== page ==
1) “Currently wives give husbands these three options: work full time, work full time, work full time with overtime.”
Wives don’t “give” husbands these options. The social structure does. There is an imbalance of paid and unpaid work between the sexes so that women work more hours but get paid less. Having the husband earn the lost money is only a way of compensation.
2) “Too many women still practice hypergamy: marrying “up.” Successful women seek even more successful men.
In other words, even as a woman may complain that men check out her chest size, she checks out his check size.”
This reminds me of survival of the fittest. Again, social structure. If society takes away from equality—women skills are devaluated, predominately female jobs are lower paying, and women generally receive less pay for equal work—“marrying up” is probably a mechanism of survival in order to get what is owed to those marginalized by society.
I hope you’re aware that even with women receiving a majority of the higher ed diplomas, the wage gap is still 23%. Female graduates still make $8000 less than male graduates, a year after graduation.
3) “In 2011, 22% of male physicians and 44% of female physicians worked less than full time”
Stats and numbers in themselves don’t mean anything. You have to ask WHY. Why do they work less than full time? Again because of the extra unpaid AND paid work that females especially mothers have to commit to. With the motherhood penalty, and no paid leave policies in place in America, it is no wonder that females are subtly forced by the social structure to work less than full time.
That IS NOT however a reason or an explanation for the pay gap.
This is all because of discrimination. It still exists today. Many take pride in blaming females for the persisting inequality. In reality, too many women are denied equal opportunity.
Just researched this topic in depth.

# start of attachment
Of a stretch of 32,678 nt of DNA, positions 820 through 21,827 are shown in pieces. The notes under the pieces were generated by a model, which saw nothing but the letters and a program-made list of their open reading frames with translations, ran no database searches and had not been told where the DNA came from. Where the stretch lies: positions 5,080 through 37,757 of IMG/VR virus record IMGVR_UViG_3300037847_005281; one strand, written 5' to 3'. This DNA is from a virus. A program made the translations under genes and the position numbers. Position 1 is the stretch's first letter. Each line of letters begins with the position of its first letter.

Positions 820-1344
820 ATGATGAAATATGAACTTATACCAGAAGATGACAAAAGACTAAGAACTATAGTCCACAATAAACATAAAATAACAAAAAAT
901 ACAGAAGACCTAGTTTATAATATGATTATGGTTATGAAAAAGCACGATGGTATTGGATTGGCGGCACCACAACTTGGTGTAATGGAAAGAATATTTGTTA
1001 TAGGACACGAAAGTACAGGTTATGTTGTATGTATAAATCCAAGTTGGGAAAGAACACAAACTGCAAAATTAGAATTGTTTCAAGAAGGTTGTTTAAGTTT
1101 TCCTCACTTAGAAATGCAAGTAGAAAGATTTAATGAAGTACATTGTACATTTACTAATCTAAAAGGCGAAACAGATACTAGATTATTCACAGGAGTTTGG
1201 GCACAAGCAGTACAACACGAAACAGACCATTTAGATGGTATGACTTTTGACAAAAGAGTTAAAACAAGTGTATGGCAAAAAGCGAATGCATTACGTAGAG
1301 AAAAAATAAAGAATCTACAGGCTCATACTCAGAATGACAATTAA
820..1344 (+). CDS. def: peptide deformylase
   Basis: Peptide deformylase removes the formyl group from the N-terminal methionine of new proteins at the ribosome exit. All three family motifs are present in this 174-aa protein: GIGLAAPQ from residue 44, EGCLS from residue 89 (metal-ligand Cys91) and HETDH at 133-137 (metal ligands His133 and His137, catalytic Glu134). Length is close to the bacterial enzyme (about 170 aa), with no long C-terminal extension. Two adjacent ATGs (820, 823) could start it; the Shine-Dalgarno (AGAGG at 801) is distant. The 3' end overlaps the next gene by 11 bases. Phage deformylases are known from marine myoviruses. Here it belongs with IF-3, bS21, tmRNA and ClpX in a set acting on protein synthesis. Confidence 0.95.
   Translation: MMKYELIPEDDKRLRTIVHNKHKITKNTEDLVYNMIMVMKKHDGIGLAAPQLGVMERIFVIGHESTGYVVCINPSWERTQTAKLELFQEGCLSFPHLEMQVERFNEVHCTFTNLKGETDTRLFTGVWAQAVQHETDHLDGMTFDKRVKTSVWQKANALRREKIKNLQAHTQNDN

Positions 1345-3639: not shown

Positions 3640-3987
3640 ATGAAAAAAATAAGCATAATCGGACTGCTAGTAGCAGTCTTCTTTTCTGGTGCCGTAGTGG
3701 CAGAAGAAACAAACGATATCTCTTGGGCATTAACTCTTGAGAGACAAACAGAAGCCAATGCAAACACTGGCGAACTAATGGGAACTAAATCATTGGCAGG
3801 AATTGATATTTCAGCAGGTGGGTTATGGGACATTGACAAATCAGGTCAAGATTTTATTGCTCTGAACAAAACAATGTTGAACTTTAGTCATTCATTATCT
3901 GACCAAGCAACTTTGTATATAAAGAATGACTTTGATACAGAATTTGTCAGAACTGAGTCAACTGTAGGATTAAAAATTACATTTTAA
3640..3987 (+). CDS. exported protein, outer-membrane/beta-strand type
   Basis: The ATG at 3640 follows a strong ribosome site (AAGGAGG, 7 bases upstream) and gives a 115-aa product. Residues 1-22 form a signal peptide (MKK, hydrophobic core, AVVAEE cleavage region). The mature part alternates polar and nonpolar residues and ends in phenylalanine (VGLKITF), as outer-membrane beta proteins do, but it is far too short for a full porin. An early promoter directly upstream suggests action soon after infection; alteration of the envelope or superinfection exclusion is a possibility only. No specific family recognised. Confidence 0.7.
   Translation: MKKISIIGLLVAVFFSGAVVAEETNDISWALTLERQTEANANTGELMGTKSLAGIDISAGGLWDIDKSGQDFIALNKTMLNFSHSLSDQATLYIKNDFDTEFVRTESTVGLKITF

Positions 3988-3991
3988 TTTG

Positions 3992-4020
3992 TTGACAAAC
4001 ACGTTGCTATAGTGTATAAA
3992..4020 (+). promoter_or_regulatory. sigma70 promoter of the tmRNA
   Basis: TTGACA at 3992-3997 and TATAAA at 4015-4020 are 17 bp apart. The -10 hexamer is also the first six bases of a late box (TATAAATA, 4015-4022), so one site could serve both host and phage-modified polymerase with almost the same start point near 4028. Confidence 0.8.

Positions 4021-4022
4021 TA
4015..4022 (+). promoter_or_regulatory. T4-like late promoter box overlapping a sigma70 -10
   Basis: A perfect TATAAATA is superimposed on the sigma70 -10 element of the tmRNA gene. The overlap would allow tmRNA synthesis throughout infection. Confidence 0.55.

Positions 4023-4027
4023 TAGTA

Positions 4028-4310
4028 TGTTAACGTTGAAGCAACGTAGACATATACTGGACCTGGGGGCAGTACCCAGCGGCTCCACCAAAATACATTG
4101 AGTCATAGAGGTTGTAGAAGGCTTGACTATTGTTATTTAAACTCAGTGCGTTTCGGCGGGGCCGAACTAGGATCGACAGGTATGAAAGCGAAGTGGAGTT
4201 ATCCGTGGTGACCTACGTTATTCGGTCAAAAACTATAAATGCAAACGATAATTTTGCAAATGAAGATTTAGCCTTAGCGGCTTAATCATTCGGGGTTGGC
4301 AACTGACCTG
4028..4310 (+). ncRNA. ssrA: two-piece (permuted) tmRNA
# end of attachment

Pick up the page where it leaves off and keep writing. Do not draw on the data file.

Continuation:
My conclusion – Personally I dont think targeting women employees will help substantially close the gap. We need to target the employers –that’s where discrimination really takes place and fuels the gap.
I totally agree, but I think there’s something to be said about giving women the tools they need to feel empowered and less helpless. Yeah, it’s not going to solve the problem of discrimination, but letting women know that it’s okay to be confident and assertive in the workplace is more than most women ever hear during the course of their careers.
I feel l like if I ever own a company, my female employees would end up getting paid more than the men. Because I’m a wee bit sexist like that.
Not sure how this came across my inbox so ‘late’ but glad to hear the arguments for and against negotiating pay. I’m all for standing in one’s power and asking for what their skills are worth in the marketplace. Unfortunately, I have found that female business owners are just as likely to pay women less as are their male counterparts because they are all too caught up in the numbers, bottom line, mentality. And bottom line does count! It really requires employers to be vigilant, do pay equity audits, and include gender in the measurement tools! We advocates have been on that soapbox for decades. Silent ears are the results. But this is a new decade, another generation of business owners, with a keen sense of justice.
In regards to the argument about men being victimized; it’s important to consider the double-shift that many working moms face. They may work fewer hours than their husbands but when they go home they don’t get to just sit on the couch with a beer, they have to basically work another full day maintaining the household. After starting a family, men are still seen first as individuals and then as husbands/fathers whereas women are defined primarily as wives/mothers and their right to be an individual is sacrificed in order to live up to the selfless feminine ideal. Men can leave the home, work, and value their careers without fear of social stigmatization that comes with being a working mother. This is unfair to both men and women, so equality between the genders would only help society as a whole. Women aren’t looking to “oppress the oppressor”, just to earn equal status as human beings with the right to pursue whichever path they choose.
Indeed, we could conclude that the economy is growing slowly, and hiring is picking up. Yet, the pay gap between men and women is still very much at play, says a new study. That disparity is in evidence immediately after college, and follows women throughout their professional lives.